economic conservatives such as Thabo Mbeki, in 1996 Mandela agreed to
replace the RDP with the pro-business (or “neoliberal”) Growth, Employment, and Redistribution (GEAR) strategy. By 1999, Mandela’s administration could boast of its strict financial management, low inflation,
and the impressive elimination of the public debt of Rand 250 billion (in
today’s terms, about $35 billion; the rand is the South African currency).
On the other hand, despite promises from the wealthy “North” (developed countries) of massive investment, this was modest. The personal
goodwill extended to Mandela probably accounted for some inflow, but
the failure of donors to invest on a large scale encouraged the new government to embrace other policies. Mandela also had to confront changing international approaches to aid: despite close relations, direct U.S.
government aid to South Africa actually declined fourfold as Washington
prioritized private investment instead.
Mandela’s gamble on GEAR backfired in that a projected growth of 1.3
million jobs between 1996 and 2001 actually resulted in the loss of more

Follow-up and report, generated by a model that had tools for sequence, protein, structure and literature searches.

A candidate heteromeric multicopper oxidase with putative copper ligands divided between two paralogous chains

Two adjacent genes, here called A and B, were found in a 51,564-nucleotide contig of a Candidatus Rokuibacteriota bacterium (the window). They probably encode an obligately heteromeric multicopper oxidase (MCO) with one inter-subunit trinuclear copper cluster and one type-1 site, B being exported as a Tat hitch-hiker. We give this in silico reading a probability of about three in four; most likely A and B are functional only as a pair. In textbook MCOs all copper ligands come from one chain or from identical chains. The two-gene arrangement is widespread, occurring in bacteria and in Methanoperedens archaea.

than one million jobs. GEAR’s projected growth and investment rates
were not met. In contradiction to his 1994 election pledges, Mandela also
decided to embrace privatization of state services. There was a sad irony
here, when some poor Africans who had finally received clean water
and electricity for the first time in their lives soon lost this access due to
their inability to pay for newly privatized services. As privatization and
globalization advanced, unemployment soared, with massive job losses
in South Africa’s key mining sector and other industries. Mandela and
his ministers came up with various short-term job creation and povertyreduction initiatives, but these had limited impact given entrenched white
economic power and global markets, and Mandela’s own reluctance to
scare away business by seriously tackling the structural roots of black poverty. Instead he opted for a conservative “trickle-down” approach. Some
critics claimed that economic power still resided among white corporate
interests and that despite the growth of a new black elite stratum, ANC
rule represented merely black empowerment for a tiny group; an “elite
Given the short time period of five years involved, vis-à-vis the gargantuan historical inequalities of South Africa, these criticisms can appear
harsh. Running a country was not the same as leading a political party, and
it involved compromises. Furthermore, although the ANC had won the
election, many believed they were not quite able to secure real power.
Nevertheless, when considered from the point of view of the living
conditions of the overwhelming majority of the population and their